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Creating a Rosehip Jam

Keeping to the theme of foraging this week, have a try of Kevin's rosehip jam recipe. Rosehip is commonly found in the hedgerows and forests of Ireland, typically gathered up around the end of September right the way through to October and traditionally they were steeped in boiling water to make tea or in soups and syrups to fight off the winter ailments. They've also been used for making wine, jams and jellies. Feel free to make this jam recipe your own seeing what's in your back garden or in any nearby woodlands throughout the seasons - blackberries, elderberries, raspberries, damsons, plums, rose petals...they all work well in a sticky jam!

Time: 5 mins (prep), 1 hr 20 mins (cook)

Equipment: 1x saucepan, 1x jar, 1x jug, 2x mixing bowls, 1x tablespoon, 1x fine sieve, 1x wooden spoon


  • 500g rosehips
  • 400ml water
  • 200g caster sugar


Step 1

To a high-sided pan, add the rosehips, water and sugar. Stir well and bring to the boil until they are fully cooked and ready to mash up.

Step 2

Once the rosehips are soft and can be mashed with a fork. Place into a fine sieve and press the berries and all their juice through into a clean bowl below.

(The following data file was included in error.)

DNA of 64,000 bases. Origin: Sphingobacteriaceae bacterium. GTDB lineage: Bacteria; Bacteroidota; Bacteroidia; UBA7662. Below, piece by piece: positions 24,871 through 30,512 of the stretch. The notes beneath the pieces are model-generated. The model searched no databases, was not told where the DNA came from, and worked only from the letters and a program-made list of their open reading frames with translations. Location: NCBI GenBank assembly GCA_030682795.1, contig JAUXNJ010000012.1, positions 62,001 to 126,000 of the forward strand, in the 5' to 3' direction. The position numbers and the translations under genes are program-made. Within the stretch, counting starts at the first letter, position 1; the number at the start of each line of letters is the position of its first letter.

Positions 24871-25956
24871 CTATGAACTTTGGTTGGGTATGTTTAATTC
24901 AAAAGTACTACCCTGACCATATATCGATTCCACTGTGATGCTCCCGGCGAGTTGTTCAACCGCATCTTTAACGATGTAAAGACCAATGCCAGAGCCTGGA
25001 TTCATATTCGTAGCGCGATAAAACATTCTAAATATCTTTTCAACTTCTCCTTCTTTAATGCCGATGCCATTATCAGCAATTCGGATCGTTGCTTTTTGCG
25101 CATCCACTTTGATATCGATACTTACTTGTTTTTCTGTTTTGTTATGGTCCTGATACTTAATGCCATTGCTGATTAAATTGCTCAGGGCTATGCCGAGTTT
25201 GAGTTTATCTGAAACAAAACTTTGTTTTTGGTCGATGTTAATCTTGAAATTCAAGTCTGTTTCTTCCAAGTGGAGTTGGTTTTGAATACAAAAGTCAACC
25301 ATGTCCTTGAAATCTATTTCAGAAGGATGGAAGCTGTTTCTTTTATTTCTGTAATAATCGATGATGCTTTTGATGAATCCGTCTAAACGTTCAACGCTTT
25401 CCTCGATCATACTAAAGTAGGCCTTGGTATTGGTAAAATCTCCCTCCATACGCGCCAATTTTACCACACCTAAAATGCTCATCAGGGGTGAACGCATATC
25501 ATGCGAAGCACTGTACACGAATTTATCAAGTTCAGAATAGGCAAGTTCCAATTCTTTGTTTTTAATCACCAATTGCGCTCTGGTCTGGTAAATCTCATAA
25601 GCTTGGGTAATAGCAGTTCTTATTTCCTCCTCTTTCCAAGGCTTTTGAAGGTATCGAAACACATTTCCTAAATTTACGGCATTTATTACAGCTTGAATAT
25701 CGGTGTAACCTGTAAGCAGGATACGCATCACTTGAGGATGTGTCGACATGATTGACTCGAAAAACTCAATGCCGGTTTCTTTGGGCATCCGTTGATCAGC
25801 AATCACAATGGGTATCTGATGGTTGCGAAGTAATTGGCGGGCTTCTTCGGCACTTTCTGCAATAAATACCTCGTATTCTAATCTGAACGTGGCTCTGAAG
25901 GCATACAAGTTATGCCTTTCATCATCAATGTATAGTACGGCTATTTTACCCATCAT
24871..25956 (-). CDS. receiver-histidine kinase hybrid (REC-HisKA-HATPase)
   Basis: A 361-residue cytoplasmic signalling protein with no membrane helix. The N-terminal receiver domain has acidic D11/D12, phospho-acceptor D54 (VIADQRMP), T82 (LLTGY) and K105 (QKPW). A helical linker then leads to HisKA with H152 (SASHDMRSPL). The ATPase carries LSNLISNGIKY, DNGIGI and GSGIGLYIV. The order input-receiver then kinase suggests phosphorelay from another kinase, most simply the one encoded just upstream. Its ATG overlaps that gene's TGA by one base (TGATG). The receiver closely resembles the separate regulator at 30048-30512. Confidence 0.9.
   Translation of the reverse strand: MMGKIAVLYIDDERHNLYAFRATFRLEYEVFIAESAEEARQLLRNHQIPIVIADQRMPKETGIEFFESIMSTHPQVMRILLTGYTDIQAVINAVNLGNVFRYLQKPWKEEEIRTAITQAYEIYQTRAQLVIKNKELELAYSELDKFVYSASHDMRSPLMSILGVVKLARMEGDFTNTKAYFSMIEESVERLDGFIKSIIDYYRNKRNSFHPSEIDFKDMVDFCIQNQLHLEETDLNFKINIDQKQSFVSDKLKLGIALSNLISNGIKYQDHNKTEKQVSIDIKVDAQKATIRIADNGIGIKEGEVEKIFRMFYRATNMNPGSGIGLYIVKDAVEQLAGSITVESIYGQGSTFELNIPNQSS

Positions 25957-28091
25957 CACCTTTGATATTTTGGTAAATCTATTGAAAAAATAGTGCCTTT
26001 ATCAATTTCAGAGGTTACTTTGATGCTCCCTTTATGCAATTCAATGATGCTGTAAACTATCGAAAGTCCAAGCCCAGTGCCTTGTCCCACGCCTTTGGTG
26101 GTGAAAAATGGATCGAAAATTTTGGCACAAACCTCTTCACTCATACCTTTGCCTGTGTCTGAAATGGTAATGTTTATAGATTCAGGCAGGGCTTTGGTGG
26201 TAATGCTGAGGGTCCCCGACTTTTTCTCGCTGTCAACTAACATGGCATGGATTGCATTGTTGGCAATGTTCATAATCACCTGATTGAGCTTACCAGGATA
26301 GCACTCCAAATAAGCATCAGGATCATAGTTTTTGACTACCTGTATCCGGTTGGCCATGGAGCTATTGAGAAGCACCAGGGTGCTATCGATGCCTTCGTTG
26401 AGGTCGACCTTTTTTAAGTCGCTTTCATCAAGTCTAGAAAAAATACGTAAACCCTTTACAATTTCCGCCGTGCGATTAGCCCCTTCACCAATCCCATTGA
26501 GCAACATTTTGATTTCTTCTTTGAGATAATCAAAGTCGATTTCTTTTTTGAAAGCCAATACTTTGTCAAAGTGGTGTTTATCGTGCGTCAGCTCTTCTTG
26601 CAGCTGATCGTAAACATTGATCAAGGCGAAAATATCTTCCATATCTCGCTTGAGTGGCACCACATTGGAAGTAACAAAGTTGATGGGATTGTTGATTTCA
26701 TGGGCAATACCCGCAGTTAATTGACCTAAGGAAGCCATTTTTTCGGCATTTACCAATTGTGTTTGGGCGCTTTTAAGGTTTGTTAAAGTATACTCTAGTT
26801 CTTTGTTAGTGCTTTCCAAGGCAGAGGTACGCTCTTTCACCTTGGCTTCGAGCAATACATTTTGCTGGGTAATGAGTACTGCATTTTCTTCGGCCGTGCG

Step 3

Serve and Enjoy!

Kevin's Notes

Step 1

Rosehip is a relative of the rose plant and can vary in colour depending on the variety. From an orange to a deep purple. They ripen in later summer and through autumn they are packed full of vitamin C.

Step 2

This jam is incredible with bread. Use it to flavour the dough or smeared on top.

It also goes great with the batch bread Kerry will be making next week.

Be carful of the seeds as they can cause your skin to itch - fun fact: you’ll often find them being used in the joke shop itching powders.

Wear some gloves when passing through a sieve.

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Kevin Dundon
I'm the chef and owner of Dunbrody Country House located in Ireland's sunny South East and love using the produce from my own garden.